Re production costs, the cost of physically producing paper textbooks stopped being a really significant fraction of their retail price about 20-30 years ago. There has been exponential growth in prices while production costs for paper books have stayed about the same. And in any case, within the last 5 years or so I've seen about 80-90% of STEM students shift to digital books. Often they rent them. They don't want to carry around a backpack with 30 pounds of textbooks inside, and their reading habits are digital. And in any case, the solutions don't have to be included in the printed object. They can just be in a PDF file. Publishers have actually given up at this point on making money on lower-division STEM books. Their revenue stream for these courses is now from software like mymathlab and Mastering Physics.

In summary, it's not clear to me that there is a positive net value for anyone in making solutions to a lower-division STEM textbook openly available. Students have access to solutions anyway, so why bother? Having access to solutions is also probably a net negative educationally, since most students use them in an immature way. Making them openly available would increase the publisher's development costs slightly, and they can't sell the product because students would just redistribute it on the internet. It would save students the $15/month and moral degradation of using chegg, but the publishers don't care about these things.

More broadly, I think this is a situation where technological change has brought about unforseen consequences, and created a system that is dysfunctional and yet still profitable for the publishers. The system is broken and needs to be fixed, but providing solutions openly won't fix what's wrong and will also destroy the publishers' revenue stream (because it would eliminate any remaining justification for systems like mymathlab).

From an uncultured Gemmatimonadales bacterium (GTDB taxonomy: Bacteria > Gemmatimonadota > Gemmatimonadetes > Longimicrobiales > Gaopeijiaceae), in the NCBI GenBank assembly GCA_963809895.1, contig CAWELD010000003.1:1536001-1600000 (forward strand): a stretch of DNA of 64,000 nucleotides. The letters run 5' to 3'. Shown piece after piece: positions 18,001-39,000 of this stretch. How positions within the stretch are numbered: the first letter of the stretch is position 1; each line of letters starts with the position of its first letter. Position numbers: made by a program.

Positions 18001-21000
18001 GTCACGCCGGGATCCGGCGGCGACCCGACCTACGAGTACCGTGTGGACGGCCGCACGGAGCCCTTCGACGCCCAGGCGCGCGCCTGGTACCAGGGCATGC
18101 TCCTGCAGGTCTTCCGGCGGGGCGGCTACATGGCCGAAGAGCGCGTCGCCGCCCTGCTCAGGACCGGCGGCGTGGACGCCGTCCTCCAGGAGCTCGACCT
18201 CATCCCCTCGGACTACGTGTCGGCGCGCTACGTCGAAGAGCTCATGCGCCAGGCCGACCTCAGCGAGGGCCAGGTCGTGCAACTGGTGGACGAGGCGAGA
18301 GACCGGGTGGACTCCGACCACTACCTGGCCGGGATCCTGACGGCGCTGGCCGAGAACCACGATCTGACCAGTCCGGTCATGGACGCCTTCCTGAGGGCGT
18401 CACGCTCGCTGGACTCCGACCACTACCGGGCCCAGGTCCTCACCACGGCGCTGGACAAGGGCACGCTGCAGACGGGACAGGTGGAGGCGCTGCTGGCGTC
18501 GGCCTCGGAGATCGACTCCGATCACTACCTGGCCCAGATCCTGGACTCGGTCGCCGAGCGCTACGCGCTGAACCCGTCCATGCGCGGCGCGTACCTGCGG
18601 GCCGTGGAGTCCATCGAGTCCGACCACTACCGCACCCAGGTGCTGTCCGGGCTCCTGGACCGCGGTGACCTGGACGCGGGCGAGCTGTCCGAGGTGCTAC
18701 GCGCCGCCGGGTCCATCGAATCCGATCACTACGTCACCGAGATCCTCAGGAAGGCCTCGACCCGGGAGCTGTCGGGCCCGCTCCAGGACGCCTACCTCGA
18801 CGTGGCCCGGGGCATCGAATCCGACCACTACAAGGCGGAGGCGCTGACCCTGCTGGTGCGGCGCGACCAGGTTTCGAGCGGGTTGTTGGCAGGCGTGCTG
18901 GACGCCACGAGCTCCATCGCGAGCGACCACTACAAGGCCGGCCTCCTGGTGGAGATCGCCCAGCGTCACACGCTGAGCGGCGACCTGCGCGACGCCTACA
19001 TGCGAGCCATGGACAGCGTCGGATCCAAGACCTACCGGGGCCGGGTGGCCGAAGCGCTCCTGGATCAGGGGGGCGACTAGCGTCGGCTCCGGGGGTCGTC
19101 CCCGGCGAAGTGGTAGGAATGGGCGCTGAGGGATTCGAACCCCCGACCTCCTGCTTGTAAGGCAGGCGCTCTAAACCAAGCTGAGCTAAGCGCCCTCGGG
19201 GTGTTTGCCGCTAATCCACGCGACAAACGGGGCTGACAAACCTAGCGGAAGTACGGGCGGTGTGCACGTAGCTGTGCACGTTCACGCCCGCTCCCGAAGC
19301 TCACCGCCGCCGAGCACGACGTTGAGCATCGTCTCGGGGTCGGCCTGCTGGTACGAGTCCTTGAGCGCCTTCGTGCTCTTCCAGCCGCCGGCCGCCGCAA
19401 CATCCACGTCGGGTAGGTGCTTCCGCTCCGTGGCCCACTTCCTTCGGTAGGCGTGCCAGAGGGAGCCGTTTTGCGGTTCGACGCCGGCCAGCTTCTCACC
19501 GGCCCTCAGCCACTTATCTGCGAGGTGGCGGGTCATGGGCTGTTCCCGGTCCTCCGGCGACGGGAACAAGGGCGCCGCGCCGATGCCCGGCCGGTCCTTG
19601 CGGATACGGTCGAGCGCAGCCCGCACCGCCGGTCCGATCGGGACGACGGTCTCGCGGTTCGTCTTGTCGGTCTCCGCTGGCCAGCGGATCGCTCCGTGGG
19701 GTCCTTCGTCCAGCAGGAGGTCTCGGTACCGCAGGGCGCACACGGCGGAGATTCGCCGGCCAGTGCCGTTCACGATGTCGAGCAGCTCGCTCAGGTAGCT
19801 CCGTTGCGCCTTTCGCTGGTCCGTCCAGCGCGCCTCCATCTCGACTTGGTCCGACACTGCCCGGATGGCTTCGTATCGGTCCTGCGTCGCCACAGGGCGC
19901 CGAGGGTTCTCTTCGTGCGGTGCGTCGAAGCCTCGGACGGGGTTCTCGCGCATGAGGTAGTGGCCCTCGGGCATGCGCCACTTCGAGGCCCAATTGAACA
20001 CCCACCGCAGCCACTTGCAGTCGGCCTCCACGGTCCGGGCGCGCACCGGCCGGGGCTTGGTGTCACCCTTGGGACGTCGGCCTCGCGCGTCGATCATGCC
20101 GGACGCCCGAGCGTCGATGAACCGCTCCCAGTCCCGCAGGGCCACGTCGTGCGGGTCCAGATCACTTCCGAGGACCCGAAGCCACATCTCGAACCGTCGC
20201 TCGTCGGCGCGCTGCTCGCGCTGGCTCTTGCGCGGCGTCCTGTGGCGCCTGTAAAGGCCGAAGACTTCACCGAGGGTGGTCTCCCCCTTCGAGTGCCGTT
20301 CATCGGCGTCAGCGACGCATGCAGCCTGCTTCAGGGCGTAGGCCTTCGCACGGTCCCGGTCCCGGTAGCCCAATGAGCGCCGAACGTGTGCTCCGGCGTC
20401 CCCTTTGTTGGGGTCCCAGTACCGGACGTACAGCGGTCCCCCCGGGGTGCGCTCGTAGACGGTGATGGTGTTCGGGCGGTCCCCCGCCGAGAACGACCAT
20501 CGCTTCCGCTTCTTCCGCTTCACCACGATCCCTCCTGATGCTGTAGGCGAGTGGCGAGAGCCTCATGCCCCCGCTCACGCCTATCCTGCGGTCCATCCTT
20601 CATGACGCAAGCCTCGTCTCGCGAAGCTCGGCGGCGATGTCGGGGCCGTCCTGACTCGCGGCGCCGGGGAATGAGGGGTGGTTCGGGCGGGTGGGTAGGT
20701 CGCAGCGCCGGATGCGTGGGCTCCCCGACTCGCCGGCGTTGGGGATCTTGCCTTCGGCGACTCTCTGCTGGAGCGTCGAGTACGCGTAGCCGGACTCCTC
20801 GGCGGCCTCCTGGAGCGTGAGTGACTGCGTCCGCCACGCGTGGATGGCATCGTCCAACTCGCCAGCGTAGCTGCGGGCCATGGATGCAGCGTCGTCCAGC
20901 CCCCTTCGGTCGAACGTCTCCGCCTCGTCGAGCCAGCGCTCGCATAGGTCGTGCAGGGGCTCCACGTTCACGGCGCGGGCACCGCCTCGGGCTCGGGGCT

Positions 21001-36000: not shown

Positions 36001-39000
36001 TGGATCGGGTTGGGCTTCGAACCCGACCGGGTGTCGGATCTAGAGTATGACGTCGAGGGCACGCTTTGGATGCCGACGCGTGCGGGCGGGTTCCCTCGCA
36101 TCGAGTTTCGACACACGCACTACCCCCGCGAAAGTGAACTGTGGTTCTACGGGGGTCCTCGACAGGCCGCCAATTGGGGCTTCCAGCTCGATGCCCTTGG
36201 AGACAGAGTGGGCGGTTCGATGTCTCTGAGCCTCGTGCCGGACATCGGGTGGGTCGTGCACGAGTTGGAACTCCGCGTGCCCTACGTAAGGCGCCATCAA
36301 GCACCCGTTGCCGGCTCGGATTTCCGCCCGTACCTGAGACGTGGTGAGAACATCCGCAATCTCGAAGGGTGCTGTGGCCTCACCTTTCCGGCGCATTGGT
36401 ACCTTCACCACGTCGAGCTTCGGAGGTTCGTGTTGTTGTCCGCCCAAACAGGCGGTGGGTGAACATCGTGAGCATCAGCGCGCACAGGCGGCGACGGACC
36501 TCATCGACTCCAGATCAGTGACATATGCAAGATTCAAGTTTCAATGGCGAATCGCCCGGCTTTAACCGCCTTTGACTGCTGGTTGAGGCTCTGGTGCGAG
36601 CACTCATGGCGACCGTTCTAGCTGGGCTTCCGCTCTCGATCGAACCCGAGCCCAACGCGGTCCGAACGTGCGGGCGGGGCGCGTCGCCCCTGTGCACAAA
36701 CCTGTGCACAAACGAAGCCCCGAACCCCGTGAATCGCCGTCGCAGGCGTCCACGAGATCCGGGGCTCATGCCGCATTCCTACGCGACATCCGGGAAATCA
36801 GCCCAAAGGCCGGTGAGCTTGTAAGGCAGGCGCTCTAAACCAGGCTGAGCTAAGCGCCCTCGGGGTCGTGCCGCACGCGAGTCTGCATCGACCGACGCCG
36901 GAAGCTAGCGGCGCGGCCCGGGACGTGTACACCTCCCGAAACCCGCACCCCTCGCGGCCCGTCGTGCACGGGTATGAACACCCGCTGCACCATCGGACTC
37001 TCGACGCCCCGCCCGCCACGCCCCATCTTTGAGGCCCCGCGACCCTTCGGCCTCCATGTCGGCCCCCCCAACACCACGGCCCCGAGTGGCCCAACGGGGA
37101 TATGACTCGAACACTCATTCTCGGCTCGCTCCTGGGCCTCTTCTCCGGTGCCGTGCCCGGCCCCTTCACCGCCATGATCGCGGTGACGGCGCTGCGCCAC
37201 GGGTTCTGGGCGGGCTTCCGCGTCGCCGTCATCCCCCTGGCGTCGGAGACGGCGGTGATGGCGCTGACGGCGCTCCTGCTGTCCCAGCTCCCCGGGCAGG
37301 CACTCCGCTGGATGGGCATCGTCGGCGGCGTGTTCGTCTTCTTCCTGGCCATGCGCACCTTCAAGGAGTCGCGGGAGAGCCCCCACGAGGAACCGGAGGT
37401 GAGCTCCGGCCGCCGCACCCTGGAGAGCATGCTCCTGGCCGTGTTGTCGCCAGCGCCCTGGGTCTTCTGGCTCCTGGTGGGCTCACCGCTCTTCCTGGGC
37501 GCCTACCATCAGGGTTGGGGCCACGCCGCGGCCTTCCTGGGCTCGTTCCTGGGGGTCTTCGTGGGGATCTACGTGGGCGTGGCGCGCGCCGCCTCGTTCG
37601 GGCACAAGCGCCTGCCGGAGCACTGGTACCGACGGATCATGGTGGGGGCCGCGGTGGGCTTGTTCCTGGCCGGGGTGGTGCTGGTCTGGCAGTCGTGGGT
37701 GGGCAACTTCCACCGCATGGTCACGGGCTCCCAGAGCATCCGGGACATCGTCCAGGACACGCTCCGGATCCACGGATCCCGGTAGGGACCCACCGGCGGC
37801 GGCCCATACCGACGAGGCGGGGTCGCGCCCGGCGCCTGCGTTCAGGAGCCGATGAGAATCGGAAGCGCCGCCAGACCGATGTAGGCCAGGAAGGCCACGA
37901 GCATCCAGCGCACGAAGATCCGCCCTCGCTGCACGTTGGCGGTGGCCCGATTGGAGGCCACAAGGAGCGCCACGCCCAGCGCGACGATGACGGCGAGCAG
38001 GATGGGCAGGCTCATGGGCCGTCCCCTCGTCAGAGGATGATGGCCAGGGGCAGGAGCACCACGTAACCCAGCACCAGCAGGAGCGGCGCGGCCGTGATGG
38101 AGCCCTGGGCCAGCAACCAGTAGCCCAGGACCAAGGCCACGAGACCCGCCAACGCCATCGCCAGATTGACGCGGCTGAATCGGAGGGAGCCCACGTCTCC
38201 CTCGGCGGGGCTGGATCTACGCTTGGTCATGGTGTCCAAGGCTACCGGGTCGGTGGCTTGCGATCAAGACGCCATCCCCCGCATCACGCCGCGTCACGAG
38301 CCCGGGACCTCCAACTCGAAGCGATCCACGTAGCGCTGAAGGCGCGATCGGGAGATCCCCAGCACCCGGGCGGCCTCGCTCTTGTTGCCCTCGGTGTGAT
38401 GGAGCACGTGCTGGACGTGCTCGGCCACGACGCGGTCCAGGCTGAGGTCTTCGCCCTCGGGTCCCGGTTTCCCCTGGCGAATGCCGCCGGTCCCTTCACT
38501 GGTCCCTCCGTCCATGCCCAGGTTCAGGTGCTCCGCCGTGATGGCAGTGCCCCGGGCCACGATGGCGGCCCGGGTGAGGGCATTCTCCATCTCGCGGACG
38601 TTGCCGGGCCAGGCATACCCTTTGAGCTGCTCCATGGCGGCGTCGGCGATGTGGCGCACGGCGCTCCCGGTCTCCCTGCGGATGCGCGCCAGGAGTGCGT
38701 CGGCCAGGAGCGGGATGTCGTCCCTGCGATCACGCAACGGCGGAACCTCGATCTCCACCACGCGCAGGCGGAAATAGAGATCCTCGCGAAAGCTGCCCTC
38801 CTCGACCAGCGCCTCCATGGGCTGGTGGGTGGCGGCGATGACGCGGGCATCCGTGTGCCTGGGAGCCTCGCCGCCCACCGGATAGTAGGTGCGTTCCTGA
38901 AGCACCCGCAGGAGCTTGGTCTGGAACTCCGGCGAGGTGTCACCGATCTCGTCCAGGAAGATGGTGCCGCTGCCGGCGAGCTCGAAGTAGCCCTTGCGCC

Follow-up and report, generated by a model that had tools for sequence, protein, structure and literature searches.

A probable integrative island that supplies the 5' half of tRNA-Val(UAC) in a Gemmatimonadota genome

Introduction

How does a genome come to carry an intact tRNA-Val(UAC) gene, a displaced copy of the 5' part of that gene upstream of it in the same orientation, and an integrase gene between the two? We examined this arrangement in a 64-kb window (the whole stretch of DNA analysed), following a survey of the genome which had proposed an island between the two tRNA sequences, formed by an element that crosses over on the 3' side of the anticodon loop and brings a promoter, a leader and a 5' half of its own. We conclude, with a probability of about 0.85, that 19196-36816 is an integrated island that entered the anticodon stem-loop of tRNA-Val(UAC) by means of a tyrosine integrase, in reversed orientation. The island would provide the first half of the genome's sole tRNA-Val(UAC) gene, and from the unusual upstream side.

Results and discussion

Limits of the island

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    $\begingroup$ Production costs for paper books have gone up enough to make my publisher raise prices a bit. (It was from something like 20 dollars to something like 25 dollars, for books shorter than a typical textbook. Though that sounds small, it might be a 25% increase, which is high.) $\endgroup$ – Sue VanHattum Feb 8 at 20:54
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    $\begingroup$ Yery thougthful, as always, Ben. I'll just add the observation that some of these calculations change if an author is not working through a traditional publisher, as you know. $\endgroup$ – Jim Hefferon Feb 12 at 22:12
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I can see two things here.

(1) As the quote remarks, including solutions makes the book better suited for independent study.

(2) Including solutions makes the book less suited for unmotivated students. For example, students taking the class because it is required, but trying as hard as they can to do as little work as possible. Does anyone argue that copying solutions from the book (or from the internet, etc.) leads to less learning than actually thinking about the problems?

So I think there is an argument for not including solutions, or including only selected solutions, in a textbook for use in a course with a substantial number of unmotivated students. As some of us know, many lower-level math courses are of this type.

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  • $\begingroup$ I think this answer is outdated, for the reasons described in my own answer. $\endgroup$ – Ben Crowell Feb 8 at 16:15